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The Harmony Silk Factory Hardcover – March 31, 2005

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Editorial Reviews

From Publishers Weekly

Aw slices his first novel into three segments, wherein three characters dissect the nature of Johnny Lim, a controversial figure in 1940s Malaysia. Depending on the teller, Johnny was a Communist leader, an informer for the Japanese, a dangerous black-market trader, a working-class Chinese man too in awe of his aristocratic wife to have sex with her, or a loyal friend. Long after Johnny's death, we hear these conflicting accounts from his grown son, Jasper; his wife, Snow (through the lens of her 1941 diary); and his English expatriate friend, Peter Wormwood. The chief benefit of this structural trick is to make palpable the limitations of each character's perspective, and that's no mean feat. But Aw's prose, though often witty and taut, is not equally convincing in all its guises. Jasper is the typical alienated son who burns to discover all the crimes his father committed; this also makes him the typical unreliable narrator (when his father kills a mosquito that had bitten him, Jasper cites this as proof of an innate "streak of malice"). When Snow takes over, Johnny suddenly resembles a more ordinary man, while she—adored by her son, whose birth caused her death—reveals herself to be a fallible character and an unfaithful wife. The most boisterous and enjoyable thread of this story belongs to Peter, with whose chipper English patter Aw, oddly enough, seems most at home.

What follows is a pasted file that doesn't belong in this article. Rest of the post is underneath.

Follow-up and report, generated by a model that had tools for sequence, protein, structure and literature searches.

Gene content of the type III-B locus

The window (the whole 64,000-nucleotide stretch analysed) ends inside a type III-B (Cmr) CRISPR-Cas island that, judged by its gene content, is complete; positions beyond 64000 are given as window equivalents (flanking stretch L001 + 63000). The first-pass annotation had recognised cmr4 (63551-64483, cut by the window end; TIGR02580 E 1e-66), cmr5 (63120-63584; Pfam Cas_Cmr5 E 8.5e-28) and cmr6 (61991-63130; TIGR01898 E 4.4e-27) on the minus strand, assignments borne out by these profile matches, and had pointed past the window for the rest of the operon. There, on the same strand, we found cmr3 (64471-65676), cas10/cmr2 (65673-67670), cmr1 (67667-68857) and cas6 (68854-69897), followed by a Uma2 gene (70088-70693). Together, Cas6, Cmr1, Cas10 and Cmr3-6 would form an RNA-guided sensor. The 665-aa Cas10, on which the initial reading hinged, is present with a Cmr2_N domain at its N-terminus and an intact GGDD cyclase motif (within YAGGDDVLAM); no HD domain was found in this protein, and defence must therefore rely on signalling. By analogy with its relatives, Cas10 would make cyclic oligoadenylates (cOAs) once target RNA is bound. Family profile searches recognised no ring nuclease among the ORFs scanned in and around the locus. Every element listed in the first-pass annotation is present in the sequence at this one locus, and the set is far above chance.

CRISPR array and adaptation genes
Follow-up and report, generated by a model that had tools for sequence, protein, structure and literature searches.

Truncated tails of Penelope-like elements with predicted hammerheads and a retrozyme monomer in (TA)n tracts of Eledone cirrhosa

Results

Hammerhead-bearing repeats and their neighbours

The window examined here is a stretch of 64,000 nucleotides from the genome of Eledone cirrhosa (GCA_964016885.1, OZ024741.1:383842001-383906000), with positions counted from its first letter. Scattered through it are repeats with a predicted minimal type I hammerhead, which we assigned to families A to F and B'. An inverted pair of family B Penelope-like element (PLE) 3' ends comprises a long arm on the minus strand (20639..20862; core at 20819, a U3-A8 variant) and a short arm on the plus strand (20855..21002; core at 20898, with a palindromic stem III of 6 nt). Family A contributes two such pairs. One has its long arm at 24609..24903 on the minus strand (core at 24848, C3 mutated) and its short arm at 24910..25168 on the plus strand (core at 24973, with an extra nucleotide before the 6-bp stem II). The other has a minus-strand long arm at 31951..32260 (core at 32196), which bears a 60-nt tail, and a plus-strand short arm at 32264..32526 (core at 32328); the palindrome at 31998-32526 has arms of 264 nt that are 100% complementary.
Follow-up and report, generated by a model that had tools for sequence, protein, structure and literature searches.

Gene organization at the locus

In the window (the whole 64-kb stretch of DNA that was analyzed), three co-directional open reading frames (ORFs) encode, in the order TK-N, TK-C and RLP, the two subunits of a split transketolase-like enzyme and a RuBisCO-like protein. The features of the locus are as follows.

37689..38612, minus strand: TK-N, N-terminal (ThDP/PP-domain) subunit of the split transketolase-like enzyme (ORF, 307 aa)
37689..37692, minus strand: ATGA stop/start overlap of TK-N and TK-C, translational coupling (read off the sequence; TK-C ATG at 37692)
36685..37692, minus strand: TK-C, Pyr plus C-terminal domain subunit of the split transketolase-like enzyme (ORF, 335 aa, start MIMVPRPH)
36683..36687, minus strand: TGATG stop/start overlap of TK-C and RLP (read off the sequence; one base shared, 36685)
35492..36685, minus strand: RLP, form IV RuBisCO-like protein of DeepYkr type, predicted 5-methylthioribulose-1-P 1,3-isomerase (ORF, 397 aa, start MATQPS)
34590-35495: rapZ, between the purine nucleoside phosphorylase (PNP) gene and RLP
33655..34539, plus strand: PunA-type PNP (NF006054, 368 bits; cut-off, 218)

Copyright © Reed Business Information, a division of Reed Elsevier Inc. All rights reserved.

From Booklist

Malaysian-British Aw makes an impressive contribution to a literature for which Conrad and Maugham are famous in the story of an audacious, successful Malaysian businessman during World War II. In 1940, Lim Seng Chin, 20-year-old descendant of poor, illiterate southern Chinese laborers transported as mine workers by the British in the late nineteenth century, renames himself Johnny Lim after the local film industry's Tarzan. He has an admirable aptitude for machinery but is blamed for mechanical failures, after which, as a shop clerk, he boldly unloads a lot of cheap Chinese gauze and unsellable batik onto a wealthy white customer by convincing her of its (dubious) value. Thereby he launches himself in the Tiger Brand Trading Company, which he buys in 1942 and renames the Harmony Silk Factory. Via Aw's fast-moving prose and shimmering dialogue, which has an odd, affecting noirish manner, three different accounts of Johnny Lim and varying views of historic and personal reality unfold while the Japanese invade, the Communist Party gathers momentum, and alliances are made and broken. Whitney Scott